Early pioneers in Eagle and the surrounding area spent nearly all their time gathering enough food and wood to survive the cold long winter until the next planting season. As time went by, farmers cleared more fields for planting, and with the growth of industry in large cities like Milwaukee and Chicago, the demand for grain increased. By the late 19th century, local farmers produced more than enough grain for their families, and were able to sell their excess to grain dealers.
The first grain storage bins were flat warehouses holding grain in sacks or barrels, but by the beginning of the 20th century, the increased demand by cities, and greater production by farmers, required a new way to handle and move large amounts of grain quickly. Grain elevators were developed to meet the demand to receive, store, and transfer grain in bulk quantities.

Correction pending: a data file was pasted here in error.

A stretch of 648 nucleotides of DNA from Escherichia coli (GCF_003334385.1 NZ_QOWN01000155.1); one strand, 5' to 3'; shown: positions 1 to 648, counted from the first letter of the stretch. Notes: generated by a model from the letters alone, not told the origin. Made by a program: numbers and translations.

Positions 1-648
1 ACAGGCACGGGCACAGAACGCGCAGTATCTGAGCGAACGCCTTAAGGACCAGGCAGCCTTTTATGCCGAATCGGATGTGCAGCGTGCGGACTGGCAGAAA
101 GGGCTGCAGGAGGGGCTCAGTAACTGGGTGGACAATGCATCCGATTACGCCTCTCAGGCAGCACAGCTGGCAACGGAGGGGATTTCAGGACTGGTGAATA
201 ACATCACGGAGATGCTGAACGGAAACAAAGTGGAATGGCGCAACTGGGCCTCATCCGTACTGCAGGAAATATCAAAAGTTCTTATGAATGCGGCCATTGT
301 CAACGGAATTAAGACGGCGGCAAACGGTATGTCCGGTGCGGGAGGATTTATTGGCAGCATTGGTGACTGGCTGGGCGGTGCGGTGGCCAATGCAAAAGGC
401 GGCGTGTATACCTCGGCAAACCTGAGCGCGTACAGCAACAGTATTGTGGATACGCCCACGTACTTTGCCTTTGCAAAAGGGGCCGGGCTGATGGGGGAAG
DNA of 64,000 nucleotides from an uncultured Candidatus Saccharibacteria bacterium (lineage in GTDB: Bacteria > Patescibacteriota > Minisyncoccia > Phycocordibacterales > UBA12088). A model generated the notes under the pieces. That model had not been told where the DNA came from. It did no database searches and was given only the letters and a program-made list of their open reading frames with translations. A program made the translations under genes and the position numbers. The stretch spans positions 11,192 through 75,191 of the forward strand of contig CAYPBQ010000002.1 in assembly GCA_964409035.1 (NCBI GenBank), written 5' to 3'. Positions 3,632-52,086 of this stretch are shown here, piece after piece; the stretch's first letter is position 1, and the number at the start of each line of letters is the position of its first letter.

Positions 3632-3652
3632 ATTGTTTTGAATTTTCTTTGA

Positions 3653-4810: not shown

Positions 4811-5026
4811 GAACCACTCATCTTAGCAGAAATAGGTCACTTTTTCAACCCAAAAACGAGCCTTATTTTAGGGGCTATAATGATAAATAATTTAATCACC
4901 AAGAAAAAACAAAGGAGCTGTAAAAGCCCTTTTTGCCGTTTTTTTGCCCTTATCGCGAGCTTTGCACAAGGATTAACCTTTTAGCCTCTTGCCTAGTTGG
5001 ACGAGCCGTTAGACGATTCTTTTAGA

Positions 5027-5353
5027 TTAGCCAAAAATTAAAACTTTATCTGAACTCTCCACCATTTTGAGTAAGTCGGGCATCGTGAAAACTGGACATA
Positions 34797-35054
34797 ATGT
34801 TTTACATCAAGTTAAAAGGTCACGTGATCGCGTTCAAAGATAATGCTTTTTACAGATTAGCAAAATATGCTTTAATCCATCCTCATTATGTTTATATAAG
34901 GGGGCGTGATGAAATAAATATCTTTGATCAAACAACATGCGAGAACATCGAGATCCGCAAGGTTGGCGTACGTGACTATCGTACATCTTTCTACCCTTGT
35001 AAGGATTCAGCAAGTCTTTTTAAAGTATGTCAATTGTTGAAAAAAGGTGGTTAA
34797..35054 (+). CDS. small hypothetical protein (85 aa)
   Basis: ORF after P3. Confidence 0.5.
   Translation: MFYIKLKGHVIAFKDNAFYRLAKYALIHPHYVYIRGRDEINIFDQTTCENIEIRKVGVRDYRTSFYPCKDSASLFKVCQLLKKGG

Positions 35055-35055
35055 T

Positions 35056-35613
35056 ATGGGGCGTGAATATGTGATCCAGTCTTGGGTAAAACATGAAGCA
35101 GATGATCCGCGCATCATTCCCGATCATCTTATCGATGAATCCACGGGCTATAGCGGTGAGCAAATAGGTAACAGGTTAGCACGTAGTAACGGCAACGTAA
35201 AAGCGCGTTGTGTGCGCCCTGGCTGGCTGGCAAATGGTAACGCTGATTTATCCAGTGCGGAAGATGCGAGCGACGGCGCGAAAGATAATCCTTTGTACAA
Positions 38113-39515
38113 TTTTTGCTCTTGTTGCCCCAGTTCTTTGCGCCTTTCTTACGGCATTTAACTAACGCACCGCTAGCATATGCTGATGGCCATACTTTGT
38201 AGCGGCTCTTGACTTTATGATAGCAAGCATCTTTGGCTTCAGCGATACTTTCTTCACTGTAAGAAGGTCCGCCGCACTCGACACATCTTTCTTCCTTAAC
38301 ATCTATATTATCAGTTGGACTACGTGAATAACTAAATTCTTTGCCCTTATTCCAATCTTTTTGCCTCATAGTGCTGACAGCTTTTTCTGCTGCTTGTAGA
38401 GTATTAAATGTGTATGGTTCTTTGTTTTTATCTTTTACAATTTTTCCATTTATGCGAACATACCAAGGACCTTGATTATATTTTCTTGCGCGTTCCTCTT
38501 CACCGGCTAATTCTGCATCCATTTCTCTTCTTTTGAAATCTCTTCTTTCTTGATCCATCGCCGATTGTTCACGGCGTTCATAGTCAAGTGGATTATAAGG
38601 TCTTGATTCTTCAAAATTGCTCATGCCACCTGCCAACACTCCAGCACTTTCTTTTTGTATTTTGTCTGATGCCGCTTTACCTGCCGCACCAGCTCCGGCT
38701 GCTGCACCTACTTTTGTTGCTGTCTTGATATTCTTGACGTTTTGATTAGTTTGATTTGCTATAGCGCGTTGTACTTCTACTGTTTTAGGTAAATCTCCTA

A grain elevator is a structure that stores dry grains, handling grain in bulk rather than bags or sacks, and then stores, moves, and sorts grain vertically. Vertical storage proved to be the best method of handling grain because, once elevated, the grain flows by gravity in tall, narrow bins, therefore less power and labor are needed.
“Rural” or “country elevators”, like the one in Eagle, were located along railroad sidetracks and received most of their grain from local farmers. Rural elevators were designed to a standard plan so loading and unloading railroad cars was easy and quick. That’s why so many of them look similar.
Next time – “Components and Construction of Grain Elevators”